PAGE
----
QuestionHow to make a cat really, really love me? I tried playing, but they are not interested.Community AnswerBe patient, as it can take time to develop a bond with a cat. Learn about cats and their body language, and try to understand the cat and respond appropriately, if necessary. Be gentle with the cat. Speak softly, pet it, and notice how it does or doesn't like to be touched. Try lying down near it and see if it comes to you itself, then pet it or just let it settle down by you. Play with it when it wants to play. Don't bother it too much if it's not in the mood. Give it catnip or a treat sometimes. Make sure it has adequate food and water.Thanks!
QuestionMy cat doesn't have a leg. Does it affect the way I hold it? Should I pick him up differently?wikiHow ContributorCommunity AnswerJust be very gentle. You can still pick him up the same basic way. Do it slowly, and if you cat doesn't like it very much, put him down and try another way.Thanks!
- Don't pick up a cat if it is likely to scratch or bite. However, if it is necessary to pick the cat up ( at the vet, for example) wear a long sleeved shirt so that the scratching or biting will not hurt your skin or cut your skin. If your cat bites or scratches really badly, you may even want to consider wearing gloves to keep your hands from getting scratched.
- Some cats simply do not like being picked up. Don't force it. In that case, pick up the cat only when it's necessary, like for taking it to the veterinarian, and perhaps once a week, just so he/she doesn't associate being picked up with the veterinarian.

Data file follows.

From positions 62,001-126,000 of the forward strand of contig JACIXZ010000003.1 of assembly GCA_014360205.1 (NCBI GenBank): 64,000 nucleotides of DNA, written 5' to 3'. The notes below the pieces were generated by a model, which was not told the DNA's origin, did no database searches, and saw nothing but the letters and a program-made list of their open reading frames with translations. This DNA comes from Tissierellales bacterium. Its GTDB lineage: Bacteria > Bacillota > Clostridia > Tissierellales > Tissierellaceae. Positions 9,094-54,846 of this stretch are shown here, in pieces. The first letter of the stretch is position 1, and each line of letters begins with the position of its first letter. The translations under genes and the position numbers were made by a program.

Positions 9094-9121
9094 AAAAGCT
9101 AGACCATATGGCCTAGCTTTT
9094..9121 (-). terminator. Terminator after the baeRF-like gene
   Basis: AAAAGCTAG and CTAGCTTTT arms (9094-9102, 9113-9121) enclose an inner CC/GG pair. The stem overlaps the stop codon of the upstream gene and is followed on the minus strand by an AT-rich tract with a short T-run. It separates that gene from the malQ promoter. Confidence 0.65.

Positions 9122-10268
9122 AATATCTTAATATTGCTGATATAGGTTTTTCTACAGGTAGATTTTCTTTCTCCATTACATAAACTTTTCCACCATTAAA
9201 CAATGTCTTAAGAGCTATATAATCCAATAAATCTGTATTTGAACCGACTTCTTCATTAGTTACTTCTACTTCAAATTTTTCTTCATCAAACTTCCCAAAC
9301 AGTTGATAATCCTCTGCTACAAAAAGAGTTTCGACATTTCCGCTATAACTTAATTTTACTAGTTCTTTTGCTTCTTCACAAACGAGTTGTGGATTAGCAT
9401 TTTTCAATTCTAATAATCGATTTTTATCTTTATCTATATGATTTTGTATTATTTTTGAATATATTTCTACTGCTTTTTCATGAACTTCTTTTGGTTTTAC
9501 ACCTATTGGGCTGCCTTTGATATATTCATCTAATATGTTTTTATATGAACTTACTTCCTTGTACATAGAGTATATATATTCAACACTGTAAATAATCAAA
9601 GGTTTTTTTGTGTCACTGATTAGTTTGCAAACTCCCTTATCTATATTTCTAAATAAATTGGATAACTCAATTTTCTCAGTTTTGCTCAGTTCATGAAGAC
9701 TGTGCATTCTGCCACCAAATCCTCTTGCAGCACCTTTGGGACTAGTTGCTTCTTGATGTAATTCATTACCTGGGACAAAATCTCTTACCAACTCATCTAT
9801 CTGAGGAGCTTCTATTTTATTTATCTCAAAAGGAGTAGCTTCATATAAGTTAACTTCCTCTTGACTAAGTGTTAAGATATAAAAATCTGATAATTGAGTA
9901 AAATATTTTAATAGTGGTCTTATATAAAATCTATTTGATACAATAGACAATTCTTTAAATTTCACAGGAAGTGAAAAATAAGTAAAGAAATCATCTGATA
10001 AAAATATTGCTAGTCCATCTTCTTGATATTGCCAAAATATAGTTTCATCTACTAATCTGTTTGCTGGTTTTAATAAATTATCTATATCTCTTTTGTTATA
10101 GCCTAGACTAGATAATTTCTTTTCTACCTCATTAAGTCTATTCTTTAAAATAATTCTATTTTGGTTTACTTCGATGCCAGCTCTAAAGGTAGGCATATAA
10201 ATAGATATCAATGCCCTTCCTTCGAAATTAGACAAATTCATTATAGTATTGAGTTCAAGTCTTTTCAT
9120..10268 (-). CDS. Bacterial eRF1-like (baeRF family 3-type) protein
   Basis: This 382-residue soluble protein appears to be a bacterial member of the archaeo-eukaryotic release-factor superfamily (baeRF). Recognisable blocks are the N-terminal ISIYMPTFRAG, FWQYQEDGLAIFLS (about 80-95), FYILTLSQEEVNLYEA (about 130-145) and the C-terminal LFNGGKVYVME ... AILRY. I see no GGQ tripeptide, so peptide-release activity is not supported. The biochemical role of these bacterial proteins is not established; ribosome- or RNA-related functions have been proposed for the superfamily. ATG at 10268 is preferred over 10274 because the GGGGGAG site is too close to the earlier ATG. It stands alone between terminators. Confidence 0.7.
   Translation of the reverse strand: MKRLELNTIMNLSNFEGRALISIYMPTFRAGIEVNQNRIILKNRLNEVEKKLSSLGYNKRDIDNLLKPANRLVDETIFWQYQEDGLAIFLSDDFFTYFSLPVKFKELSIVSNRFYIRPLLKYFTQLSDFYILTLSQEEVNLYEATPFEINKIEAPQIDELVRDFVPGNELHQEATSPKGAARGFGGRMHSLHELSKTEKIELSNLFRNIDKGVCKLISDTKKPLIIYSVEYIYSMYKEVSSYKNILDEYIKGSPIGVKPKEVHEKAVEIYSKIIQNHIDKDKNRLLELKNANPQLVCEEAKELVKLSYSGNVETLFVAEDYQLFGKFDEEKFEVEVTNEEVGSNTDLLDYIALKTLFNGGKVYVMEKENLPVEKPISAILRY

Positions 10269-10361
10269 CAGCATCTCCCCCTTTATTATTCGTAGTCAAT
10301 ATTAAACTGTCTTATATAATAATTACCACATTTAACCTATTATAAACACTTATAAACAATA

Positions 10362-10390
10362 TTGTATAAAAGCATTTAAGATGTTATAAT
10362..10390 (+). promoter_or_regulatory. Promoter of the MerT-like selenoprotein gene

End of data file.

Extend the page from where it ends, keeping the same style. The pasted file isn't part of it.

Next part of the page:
- Make sure to approach the cat calmly and with no sudden movements, or else you might scare the cat away.
- Approach the cat calmly and slowly without making sudden movements. Then crouch down slowly and let the cat sniff or study you. If the cat thinks you're not a threat it will walk over.
- Pick cats gently with arms. Don't pick up with just one arm on its stomach as this can be uncomfortable and make the cat struggle to get down.
- Make sure you put your hand right behind their front legs.
- Make sure the cat/kitten wants to be held. If hissing, swatting etc. starts to occur, do not pick up the cat/kitten until she/he feels comfortable enough to be held.
- Picking up a cat by the scruff is highly discouraged. The cat can be seriously injured if not picked up by the scruff correctly, and so can you, for this position gives the cat much space to turn around and bite/scratch you.
- If you are scratched, wash it out with soap and water, and use a topical antibiotic. If you receive a cat bite do the same and consult your physician as cat bites can quickly lead to serious infections.
- Do not hold the cat on their back in a baby position unless you know the cat doesn’t mind this position. This makes the cat feel insecure and trapped, and it might panic and end up scratching you. Always hold the cat in an upright position against your body for a more secure hold.
- Always remember the dangers of being bitten and scratched.
- Don't pick up a cat without getting to know it a bit first, and never pick up a stray or wild cat.
Sources and Citations